Virginia – This is a real hustler’s anthem where they talk about their beloved home state where they admittedly say: “I’m from Virginia, where, ain’t shit to do but cook/Pack it up, sell it triple-price, fuck the books/Where we re-up, re-locate, we off them rooks/So when we pull up, it ain’t shit to do but look”. Unlike many rappers, these dudes are really bout it bout it

Grindin – Like previously stated, this is one of the hottest beats in hip hop history. Clearly the title is a reference to them hustling and selling coke to make money and that’s what they go back and forth rapping about. My favorite part is Pusha’s second verse:

I move ‘caine like a cripple
Balance weight through the hood, kids call me Mr. Sniffles
Other hand on my nickel
Plated whistle, one eye closed I’ll hit you
As if I was Slick Rick my aim is still an issue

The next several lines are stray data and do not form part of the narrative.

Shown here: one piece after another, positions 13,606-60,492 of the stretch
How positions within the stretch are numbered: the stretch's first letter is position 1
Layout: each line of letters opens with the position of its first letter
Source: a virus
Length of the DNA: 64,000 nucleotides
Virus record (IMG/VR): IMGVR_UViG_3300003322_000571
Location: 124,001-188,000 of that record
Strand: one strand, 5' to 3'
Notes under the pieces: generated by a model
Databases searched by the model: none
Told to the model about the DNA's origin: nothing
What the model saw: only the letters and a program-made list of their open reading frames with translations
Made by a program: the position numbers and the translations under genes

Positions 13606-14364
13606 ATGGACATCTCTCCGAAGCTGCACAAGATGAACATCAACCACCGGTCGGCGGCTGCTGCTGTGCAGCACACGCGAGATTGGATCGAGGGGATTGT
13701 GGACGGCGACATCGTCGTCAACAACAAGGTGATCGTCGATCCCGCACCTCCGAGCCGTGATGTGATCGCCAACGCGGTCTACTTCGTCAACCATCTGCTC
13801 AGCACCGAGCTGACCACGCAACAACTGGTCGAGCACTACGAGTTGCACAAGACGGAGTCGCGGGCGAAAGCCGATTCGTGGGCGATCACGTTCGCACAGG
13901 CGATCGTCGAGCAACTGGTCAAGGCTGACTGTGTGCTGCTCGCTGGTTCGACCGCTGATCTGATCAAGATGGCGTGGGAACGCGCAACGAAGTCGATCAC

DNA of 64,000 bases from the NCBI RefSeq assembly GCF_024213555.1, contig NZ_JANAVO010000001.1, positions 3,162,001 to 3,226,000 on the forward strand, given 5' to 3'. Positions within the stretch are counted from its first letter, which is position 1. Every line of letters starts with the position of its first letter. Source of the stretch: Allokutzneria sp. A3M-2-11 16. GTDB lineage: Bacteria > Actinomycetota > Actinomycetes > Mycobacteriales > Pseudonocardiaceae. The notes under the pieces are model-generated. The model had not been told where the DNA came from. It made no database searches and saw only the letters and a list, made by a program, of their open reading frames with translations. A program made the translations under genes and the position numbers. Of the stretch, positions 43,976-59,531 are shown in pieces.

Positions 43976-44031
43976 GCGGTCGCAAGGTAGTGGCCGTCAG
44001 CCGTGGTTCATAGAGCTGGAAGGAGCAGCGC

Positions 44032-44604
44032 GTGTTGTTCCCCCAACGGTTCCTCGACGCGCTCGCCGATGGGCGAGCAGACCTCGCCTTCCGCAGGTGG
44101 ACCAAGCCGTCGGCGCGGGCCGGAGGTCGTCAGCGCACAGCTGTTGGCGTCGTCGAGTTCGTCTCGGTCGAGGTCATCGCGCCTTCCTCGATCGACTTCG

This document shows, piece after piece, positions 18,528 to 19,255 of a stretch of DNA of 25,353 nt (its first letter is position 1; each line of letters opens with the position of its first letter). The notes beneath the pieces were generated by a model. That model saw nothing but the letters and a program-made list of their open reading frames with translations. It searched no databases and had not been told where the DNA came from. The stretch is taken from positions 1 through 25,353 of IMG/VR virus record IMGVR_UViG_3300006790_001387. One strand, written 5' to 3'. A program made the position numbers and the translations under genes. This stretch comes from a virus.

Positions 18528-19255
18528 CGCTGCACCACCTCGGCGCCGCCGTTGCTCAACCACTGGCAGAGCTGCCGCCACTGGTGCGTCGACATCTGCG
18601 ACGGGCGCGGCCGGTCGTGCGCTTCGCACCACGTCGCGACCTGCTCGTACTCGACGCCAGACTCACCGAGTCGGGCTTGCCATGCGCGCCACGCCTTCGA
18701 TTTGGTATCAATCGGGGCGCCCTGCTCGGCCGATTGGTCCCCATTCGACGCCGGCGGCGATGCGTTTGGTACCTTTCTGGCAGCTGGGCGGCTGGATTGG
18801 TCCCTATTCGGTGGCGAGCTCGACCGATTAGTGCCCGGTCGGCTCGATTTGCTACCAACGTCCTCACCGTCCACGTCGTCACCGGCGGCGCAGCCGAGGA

Lose your soul in, whichever palm I’m holdin’
One’ll leave you frozen, the other, noddin’ and dozin’
I’m grindin’ Jack

Whew.

Ma, I Don’t Love Her – Although Grindin’  has a crazy beat, the one for this song is my personal favorite off the album. It has the classic upbeat Neptunes sound; I don’t know why or what it is, but when you hear a Neptunes beat, it reminds you of summer, all while still being a dope hip hop beat, its crazy how they do it. I defy you to blast this song in the whip in the middle of July and not bob your head to the beat, you can’t. Throughout this song Pusha and Malice are trying to convince their girl’s that they aren’t cheating on them and not to believe the rumors. And Pusha, being a gentleman says “Even if I did twist her/ I promise I didn’t kiss her”, so cut him a break ladies, even if he did fuck this chick, at least he didn’t kiss her.